In Table 8 we compare positions predicted by our results with those predicted by HIPPARCOS and by the FK5.
Table 8. Comparison between predicted positions for the photo-center of UMi AP
At epoch , the positions of the photo-center of AP predicted by our results (for both types of orbits) agree with the HIPPARCOS position by construction (except for the slight difference between the instantaneous and averaged position).
From Fig. 1 we see that the HIPPARCOS predictions for small epoch differences , say for years, are also in good agreement with our predictions, since the HIPPARCOS data are essentially a tangent to our astrometric orbits. In other words, the HIPPARCOS data are a good short-term prediction (relative to ) in the terminology of Wielen (1997). For larger epoch differences (Table 8), the HIPPARCOS prediction for starts to deviate significantly from our predictions. Going to the past, e.g. to , the differences reach large values of about 300 mas = 0."3 in each coordinate. Such differences are already larger than the measuring errors of some meridian circles at that time, especially for Polaris. (The formal mean errors in and of the position predicted by the linear HIPPARCOS solution at the epoch 1900 are 43 mas and 50 mas only.) The reason for the failure of a linear prediction based directly on the HIPPARCOS Catalogue is the fact that the quasi-instantaneously measured HIPPARCOS proper motion of Polaris contains an orbital motion of about 5 mas/year as a `cosmic error'.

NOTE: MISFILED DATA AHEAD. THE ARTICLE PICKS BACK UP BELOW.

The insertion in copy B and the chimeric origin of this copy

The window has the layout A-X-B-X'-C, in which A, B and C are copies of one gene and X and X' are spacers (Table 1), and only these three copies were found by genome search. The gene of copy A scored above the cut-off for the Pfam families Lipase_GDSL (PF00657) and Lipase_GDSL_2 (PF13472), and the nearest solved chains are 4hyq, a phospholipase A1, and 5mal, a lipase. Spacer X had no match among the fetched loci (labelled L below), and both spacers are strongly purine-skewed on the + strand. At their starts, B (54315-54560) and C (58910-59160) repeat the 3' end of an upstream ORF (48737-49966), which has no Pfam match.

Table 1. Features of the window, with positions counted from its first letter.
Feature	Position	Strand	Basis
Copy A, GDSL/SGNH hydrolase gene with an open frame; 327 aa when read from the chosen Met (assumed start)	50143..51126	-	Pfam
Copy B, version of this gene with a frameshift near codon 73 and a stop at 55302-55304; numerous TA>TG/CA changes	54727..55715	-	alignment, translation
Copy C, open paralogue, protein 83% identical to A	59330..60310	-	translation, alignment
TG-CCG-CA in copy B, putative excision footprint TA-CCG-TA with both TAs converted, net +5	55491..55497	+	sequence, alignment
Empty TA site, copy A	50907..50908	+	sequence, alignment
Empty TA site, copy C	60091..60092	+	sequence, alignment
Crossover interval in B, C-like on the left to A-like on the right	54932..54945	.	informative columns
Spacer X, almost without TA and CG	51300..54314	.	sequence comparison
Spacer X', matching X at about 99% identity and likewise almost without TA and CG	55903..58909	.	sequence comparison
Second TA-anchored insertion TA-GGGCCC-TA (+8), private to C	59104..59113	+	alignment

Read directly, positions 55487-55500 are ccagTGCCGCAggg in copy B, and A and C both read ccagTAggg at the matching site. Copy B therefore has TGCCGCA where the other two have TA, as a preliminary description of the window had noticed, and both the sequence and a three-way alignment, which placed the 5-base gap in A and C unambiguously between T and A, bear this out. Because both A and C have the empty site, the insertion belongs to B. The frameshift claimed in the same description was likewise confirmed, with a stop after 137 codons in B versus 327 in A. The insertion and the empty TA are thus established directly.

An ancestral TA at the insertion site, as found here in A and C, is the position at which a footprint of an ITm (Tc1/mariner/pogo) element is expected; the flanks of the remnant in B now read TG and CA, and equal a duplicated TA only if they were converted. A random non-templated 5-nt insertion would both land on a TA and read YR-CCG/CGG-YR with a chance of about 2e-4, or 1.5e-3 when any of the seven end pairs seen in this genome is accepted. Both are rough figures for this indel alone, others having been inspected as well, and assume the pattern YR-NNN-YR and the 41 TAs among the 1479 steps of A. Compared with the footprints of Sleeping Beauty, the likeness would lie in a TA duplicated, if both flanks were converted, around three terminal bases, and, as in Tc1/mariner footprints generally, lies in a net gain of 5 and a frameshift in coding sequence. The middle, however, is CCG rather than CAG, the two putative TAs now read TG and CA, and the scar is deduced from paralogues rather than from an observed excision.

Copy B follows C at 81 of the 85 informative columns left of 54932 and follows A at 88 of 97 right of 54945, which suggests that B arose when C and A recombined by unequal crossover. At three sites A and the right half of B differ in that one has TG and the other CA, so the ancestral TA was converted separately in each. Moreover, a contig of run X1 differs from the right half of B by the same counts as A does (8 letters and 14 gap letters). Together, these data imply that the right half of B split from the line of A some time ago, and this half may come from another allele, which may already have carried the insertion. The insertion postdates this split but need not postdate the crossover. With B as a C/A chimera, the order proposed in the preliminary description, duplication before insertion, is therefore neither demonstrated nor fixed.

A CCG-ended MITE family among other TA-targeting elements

Our data reproduce rather well the FK5 positions at the central FK5 epochs. This is to be expected, since we have made use of these positions in determining (and hence ). For , the FK5 prediction deviates rather strongly from our values. This is in accordance with the mean error of and the large epoch differences . (The mean errors in and of the FK5 position (reduced to the HIPPARCOS system) are at the central epochs (given in Table 8) 37 mas and 34 mas, and at epoch 1991.31 72 mas and 66 mas.)